From School Library Journal
PreS-Gr 2–The pint-size poultry are as brainless as ever in this quirky revision of the classic “Chicken Little” tale, but the hero here is mysterious Chicken Big. Is he an elephant? The smaller chickens are sure that he could not be one of them and exclude him from the coop. When an acorn falls on the smallest one's head, she thinks the sky is falling. But when clear-headed Chicken Big explains what it is and pops it into his mouth, the other chickens decide that he must really be a squirrel. Chicken Big's unwilling companions arrive at one ridiculous conclusion after another. He protects them from the rain, so he could be an umbrella. He keeps them warm in a cold breeze, so he could be a sweater. When all the eggs go missing and Chicken Big saves the day, the others realize that “only one thing could be so smart, so kind, so warm, and so brave.” (A chicken, of course.) Graves's pastel-hued illustrations with comic-style panels have a spontaneous and quirky quality reminiscent of Mo Willems's Pigeon and Leonardo books, and thoughtful design plays up the disproportionate size of Chicken Big. An amusing tale that will draw giggles from preschool and early elementary read-aloud audiences, this is a fun addition to any collection or comparative folklore unit.Jayne Damron, Farmington Community Library, MI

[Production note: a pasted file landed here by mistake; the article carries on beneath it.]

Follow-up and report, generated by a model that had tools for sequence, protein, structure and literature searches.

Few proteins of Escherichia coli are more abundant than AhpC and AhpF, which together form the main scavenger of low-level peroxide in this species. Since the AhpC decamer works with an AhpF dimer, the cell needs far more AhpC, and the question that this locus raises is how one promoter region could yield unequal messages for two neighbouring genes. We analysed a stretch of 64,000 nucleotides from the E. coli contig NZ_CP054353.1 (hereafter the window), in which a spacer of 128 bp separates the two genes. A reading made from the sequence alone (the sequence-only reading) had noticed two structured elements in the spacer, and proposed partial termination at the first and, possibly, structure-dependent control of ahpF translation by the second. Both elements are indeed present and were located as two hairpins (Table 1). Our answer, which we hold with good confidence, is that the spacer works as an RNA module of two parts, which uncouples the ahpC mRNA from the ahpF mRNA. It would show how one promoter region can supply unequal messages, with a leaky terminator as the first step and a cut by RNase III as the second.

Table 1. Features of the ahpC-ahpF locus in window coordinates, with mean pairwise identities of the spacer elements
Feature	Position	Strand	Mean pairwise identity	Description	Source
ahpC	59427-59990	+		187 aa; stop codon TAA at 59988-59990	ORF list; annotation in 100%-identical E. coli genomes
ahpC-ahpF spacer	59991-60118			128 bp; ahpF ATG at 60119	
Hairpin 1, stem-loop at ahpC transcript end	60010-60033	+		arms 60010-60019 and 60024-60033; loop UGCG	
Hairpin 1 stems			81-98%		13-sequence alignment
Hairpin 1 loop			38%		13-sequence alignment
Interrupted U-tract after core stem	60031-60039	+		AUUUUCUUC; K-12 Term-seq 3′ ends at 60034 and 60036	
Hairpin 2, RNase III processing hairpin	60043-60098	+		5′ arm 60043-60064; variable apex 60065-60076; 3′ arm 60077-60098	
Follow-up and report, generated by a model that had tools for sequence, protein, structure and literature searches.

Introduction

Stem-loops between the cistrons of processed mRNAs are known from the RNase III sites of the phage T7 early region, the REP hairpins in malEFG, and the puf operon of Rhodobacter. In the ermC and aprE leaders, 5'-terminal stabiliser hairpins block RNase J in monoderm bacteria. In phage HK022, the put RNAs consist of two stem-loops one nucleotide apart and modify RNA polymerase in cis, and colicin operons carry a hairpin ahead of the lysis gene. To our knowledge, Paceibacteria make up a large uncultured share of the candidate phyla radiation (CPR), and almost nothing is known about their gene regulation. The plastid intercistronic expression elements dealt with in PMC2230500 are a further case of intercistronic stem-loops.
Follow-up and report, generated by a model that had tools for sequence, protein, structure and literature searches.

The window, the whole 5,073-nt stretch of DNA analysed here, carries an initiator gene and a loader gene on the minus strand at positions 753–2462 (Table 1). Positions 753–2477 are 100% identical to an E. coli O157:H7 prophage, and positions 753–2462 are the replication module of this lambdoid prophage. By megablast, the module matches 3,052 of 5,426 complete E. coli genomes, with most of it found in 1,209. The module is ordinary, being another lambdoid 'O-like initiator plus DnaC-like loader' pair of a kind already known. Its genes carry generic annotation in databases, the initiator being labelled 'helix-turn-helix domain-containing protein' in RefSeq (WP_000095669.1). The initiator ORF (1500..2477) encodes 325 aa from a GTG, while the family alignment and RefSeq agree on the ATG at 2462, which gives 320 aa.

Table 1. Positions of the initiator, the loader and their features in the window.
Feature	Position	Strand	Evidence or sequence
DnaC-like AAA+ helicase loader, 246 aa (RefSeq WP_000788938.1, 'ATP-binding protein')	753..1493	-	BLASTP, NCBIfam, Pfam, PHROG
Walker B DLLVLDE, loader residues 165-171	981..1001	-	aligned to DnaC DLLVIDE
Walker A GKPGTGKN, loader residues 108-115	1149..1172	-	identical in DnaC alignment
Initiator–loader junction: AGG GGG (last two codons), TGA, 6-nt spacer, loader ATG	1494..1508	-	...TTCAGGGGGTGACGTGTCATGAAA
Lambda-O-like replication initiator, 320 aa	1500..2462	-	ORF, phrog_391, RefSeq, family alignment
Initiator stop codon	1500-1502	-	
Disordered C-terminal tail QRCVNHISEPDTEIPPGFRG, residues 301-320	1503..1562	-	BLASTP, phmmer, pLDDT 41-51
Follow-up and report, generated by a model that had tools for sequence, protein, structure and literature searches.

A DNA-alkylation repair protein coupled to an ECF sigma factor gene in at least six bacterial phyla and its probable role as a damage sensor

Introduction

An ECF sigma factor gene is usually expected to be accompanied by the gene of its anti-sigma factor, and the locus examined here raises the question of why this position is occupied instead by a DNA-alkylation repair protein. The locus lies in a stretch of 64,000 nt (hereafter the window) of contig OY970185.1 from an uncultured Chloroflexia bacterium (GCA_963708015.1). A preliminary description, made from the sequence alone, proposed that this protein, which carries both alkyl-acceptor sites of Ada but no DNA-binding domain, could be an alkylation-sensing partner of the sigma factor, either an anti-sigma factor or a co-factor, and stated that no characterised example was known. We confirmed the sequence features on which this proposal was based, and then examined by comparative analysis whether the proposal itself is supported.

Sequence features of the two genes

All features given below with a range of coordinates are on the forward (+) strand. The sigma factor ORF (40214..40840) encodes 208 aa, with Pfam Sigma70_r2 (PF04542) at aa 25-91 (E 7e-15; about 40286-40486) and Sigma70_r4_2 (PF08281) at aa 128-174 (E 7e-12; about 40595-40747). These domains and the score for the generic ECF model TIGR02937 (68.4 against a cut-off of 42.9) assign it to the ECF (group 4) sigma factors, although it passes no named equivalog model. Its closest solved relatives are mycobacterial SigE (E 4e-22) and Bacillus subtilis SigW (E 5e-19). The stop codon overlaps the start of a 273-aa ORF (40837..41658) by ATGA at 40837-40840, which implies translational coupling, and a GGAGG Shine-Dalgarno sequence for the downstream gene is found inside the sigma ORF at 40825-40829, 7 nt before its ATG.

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In a sort of mash-up of “Chicken Little” and “Blind Men and the Elephant,” henhouse residents are set aflutter by the arrival of an enormous new hatchling. What is it? An elephant, opines the smallest chicken. But when that same hen (“not the sharpest beak in the flock”) is hit in succession by an acorn (“The sky is falling!”), a drop of rain (“The sky is leaking!”), and a cold breeze (“Someone has put the world in the refrigerator! We’re all going to freeze!”), the monster provides both common sense and protective bulk—and in return is identified as a squirrel, then an umbrella, then a sweater. Graves illustrates this crowd-pleaser with simple cartoon scenes in which the new chick looms hugely, rolling its eyes at the antics of a quartet of scraggly, pop-eyed, appropriately silly-looking poultry. In a satisfying resolution, the chick dashes off heroically to rescue a clutch of stolen eggs from a marauding fox, earning proper recognition, acceptance—and, most likely, loud requests for repeat readings from delighted audiences. Grades 1-3. --John Peters